Tuesday, September 21, 2010

Tolerance and Variety, Without Moderation: Notes on James Card’s Seductive Cinema

Nothing gets me excited about seeing movies like reading enthusiastic and well-informed writing about them. And sometimes it’s not the extraneous bits of negative criticism that are important to glean from a critical work—in fact, they may be best avoided. Truth time: I’ve only seen two of the numerous silent films mentioned in this book. The fact that both—The Cabinet of Dr. Caligari and L’Age D’Or—are treated with a reverence that I share for them is pleasing to me—at least, it lets me know I’m in good company—but should I avoid seeing D.W. Griffith’s epic Intolerance, which inspired my beloved Eisenstein (not to mention Pudovkin, Dovzhenko and Vertov) to experiment with cross-cutting and montage, because of the whim of an old and much respected film collector? Probably not.
            James Card began collecting film prints at a time when such a “hobby” was roughly on par, in most quarters, with hoarding Transformers figurines or antique gaming consoles (this metaphor, of course, is my own extraneous negativity seeping through—don’t let me deter you from anything you hold dear.) Card’s perseverance as a film collector and preservationist—which in fact became his life’s work—turned in his own lifetime from a distasteful low-culture pursuit into something venerated by museums and universities worldwide. His insights into the work of directors Josef von Sternberg, King Vidor and Cecil B. Demile seem invaluable to me, coming from a well-versed (or well-seen) man of his generation, and completely valid as artistically minded criticism, yet his relation to the basic shift in the social status of cinephilia in the United States—which appears to have come in the mid 1950s—is love-hate. In the only chapter in this otherwise canny book that put me off, Card lumps the early critics of Andre Bazin’s famous film magazine Cahiers du Cinema in with “academics” and “semiologists”, all of whom—if he’s to be believed—were dryly engaged in a (successful?) conspiracy to remove all pleasure from cinema and cinephilia.
            Yet, from the way Card tells it, von Sternberg’s early silents (which, to my delight, have recently been released in a Criterion Box set) sound like they foreshadow the poetic long shots of Antonioni’s L’Avventura and the film-within-a-film soul searching of Godard’s Contempt—sixties art house staples both, which Card implicitly rejects--just as much as they do Hollywood melodramas of the early sound era, many of which were directed by von Sternberg himself. And in this, I think may be some sort of key to what cinephilia actually is and how it survives. I have a friend who, among many things, seems to eat 80s vigilante cop actioners for breakfast, early Truffaut for lunch and recent selections of Hollywood and World cinema for dinner or a late night snack. Another who seems to care every bit as much for Seinfeld as for Jean Cocteau. And yet another anecdotal film person, who on our first encounter was watching the live action Mario Brothers movie on the internet while waxing poetic about Bergman’s Seventh Seal and suggesting we watch Pierrot Le Fou with her other cinema pal, who has a particularly delightful taste for hard-boiled forties film noir. As for myself, I’ve probably seen (and loved) just as many slasher films, dystopian sci-fi flicks, and screwball comedies—from The Thin Man to Wayne’s World—as I have anything normally accorded the status of “film art.” Like many voracious fiction readers I know, many cinephiles customarily consume the high with the low—say, by analogy, something by Nabokov or Joyce, followed by a Dan Brown book or a superhero comic.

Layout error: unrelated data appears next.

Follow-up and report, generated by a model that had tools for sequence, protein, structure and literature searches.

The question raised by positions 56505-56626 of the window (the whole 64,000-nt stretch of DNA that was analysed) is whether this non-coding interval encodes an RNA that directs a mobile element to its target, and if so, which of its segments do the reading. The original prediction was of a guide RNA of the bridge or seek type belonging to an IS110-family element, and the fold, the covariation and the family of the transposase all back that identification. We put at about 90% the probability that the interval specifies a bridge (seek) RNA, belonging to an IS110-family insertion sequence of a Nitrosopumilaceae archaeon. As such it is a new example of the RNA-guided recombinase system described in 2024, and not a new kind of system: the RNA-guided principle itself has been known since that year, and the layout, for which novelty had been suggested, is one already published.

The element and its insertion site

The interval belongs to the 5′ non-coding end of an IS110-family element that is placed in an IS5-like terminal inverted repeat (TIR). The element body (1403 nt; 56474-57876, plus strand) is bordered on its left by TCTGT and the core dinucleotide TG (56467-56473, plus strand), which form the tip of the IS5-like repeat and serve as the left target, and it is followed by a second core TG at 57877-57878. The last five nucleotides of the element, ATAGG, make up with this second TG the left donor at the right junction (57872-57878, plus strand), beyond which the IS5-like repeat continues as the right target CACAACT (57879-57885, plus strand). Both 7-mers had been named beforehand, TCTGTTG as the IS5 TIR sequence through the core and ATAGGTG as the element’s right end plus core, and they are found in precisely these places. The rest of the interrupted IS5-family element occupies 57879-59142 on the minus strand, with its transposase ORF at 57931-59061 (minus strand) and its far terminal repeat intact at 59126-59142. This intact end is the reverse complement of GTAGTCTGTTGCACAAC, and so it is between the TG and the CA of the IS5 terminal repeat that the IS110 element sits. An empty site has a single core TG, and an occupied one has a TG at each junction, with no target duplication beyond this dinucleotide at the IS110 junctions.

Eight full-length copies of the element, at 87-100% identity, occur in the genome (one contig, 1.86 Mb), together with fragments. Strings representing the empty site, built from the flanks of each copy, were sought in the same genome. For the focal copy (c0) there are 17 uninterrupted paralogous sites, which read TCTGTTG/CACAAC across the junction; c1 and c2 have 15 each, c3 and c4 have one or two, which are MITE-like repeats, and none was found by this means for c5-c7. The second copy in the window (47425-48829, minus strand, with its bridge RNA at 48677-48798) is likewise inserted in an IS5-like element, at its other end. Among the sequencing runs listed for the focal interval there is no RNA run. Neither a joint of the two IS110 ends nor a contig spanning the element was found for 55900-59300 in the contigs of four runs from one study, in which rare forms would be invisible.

All of us younger cinema-people are probably way too indebted to things like DVD, the internet and television as means for grasping our cinema to hack it as true cinephiles with rapidly disappearing elder generations who still emphasize movie theatres as the only way to truly experience film. Yet, in a sense, James Card, long deceased, whose extensive collection of silent films formed the bulk of the Eastman House’s early catalogue, may be more of a kindred spirit than he could have realized. He certainly, like many of us, seems to have loved and cared for many things cinema, not all of them doubtlessly prestigious or dubiously pulp (but definitely a few.) Cinema has changed and will continue to, but cinephilia (colloquially known as movie love or film nerdom) stays the same.

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